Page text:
President Obama addressed the nation Sunday night from the Oval Office on the threat of terrorism and America’s response in light of last week’s atrocity in San Bernardino, California. The speech was . . . not good. Clichéd. Condescending. Utterly uninspired and uninspiring.
And that’s not all.
Marc A. Thiessen, Washington Post: “Usually when a president delivers a prime-time address to the nation, he has something new to announce — like, say, a new military strategy. Not President Obama. Like a notorious Christmas ‘re-gifter,’ Obama did nothing more Sunday night than repackage his old, failing strategy in the shiny wrapping of tougher language.”
Jim Geraghty, National Review Online: “At this point in his presidency, Obama speaks with only one tone, the slightly exasperated and sometimes not-merely-slightly exasperated ‘adult in the room’ who constantly has to correct his fellow Americans, who are always flying off the handle, calling for options that ‘aren’t who we are,’ betraying our values, and so on. He’s always so disappointed in us.”
George Condon, National Journal: “His low point may have come when he insisted on veering into gun control. If the point of the speech was to unite the country and bring an anxious nation together, bringing up one of the most divisive domestic political issues is not a great way to do that—particularly when the administration has struggled to explain how the usual items on their gun agenda such as gun-show restrictions and better background checks would have made any difference in San Bernardino.”
The president’s venture into the gun control debate was particularly inept when he took up the cause of barring people on the U.S. no-fly list from buying guns. “To begin with,” he said. “Congress should act to make sure no one on a no-fly list is able to buy a gun. What could possibly be the argument for allowing a terrorist suspect to buy a semiautomatic weapon?”
There are at least two arguments. First, the no-fly list is rife with error and devoid of transparency — which is why the ACLU sued in 2010. Among those on the list: a 4-year-old child, Stephen Hayes of the Weekly Standard, Ted Kennedy, and at least 72 Department of Homeland Security employees. (Incidentally, Kennedy managed to get himself off the list — no easy feat.)
Second, there is the nontrivial matter of due process of law. The U.S. Senate last week rejected an amendment by Sen. Dianne Feinstein (D-Calif.) that would have empowered the federal government to bar a person from buying a gun if “the Attorney General . . . determines that the [buyer] is known (or appropriately suspected)” to have been involved in terrorism-related conduct “or providing material support support or resources for terrorism,” and “if the Attorney General ‘has a reasonable belief that the [buyer] may use a firearm in connection with terrorism.’”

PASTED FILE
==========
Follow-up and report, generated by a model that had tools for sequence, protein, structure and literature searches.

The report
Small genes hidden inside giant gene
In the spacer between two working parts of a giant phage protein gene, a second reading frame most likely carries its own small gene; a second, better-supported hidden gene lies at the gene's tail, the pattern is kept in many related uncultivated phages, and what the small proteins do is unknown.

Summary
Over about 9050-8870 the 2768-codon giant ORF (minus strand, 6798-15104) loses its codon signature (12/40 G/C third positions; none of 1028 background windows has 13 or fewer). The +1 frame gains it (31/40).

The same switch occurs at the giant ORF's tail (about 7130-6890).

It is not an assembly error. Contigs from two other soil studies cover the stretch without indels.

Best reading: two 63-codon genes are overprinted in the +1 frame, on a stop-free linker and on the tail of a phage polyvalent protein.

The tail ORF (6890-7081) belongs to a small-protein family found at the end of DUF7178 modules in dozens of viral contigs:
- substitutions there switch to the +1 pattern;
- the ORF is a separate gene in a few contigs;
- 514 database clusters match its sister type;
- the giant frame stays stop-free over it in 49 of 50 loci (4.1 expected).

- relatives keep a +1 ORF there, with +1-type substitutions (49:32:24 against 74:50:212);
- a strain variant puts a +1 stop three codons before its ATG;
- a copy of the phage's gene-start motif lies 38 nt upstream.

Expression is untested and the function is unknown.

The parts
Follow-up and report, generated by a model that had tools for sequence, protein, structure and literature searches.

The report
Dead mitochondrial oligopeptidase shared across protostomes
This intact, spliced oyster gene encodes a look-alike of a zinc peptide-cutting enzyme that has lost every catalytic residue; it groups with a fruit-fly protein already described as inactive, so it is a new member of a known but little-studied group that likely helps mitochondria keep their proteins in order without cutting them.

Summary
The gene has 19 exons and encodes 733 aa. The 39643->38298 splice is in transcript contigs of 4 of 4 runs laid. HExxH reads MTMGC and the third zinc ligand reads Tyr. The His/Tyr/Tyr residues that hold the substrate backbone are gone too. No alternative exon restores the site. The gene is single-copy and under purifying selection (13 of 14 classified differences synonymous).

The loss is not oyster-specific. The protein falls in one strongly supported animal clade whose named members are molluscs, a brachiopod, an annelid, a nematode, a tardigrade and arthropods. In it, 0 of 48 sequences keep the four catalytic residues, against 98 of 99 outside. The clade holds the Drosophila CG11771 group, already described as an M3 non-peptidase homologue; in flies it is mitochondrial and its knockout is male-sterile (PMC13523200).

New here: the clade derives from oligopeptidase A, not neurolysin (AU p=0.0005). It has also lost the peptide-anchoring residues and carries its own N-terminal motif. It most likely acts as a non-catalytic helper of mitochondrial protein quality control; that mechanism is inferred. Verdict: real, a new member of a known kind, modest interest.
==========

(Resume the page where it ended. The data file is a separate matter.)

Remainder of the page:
“Can a person be denied constitutional rights, not based on a past criminal conviction or even a restraining order issued in court under a ‘preponderance of the evidence’ standard, but based just on the government’s suspicion?” UCLA Law professor Eugene Volokh asks and offers an answer at the Volokh Conspiracy:
I can’t see how that’s constitutional. And though the bill would have let the buyer go to court to challenge the attorney general’s decision, the attorney general would simply have had to show by a preponderance of the evidence that the two elements were satisfied — that the attorney general appropriately suspected the buyer and that she had a reasonable belief about what the buyer may do. Plus the evidence supporting the attorney general’s position might never be shared with the buyer, which may make it impossible for the buyer to fairly challenge it, or aired in open court. . . .
But the problem would be even more serious when we’re dealing with the denial of an explicitly guaranteed constitutional right, and not just the denial of the admittedly very important ability to fly on airplanes. If you have a constitutional right to do something, the government has to do more than just provide the attorney general’s suspicion and speculation as a basis for denying you that right. This isn’t a supposedly modest, limited gun control measure. It cuts to the heart of the constitutional right itself.
The president and congressional Democrats are demagoguing this question. They haven’t been able to achieve the sort of “common sense” gun control they’ve long sought through conventional political means — good, old-fashioned persuasion — so they’re left to exploit a terrorist attack in order to subvert the Constitution. Again. “What could possibly be the argument”? Constitutional rights shouldn’t be subject to the whims and caprices of a craven political class, that’s what.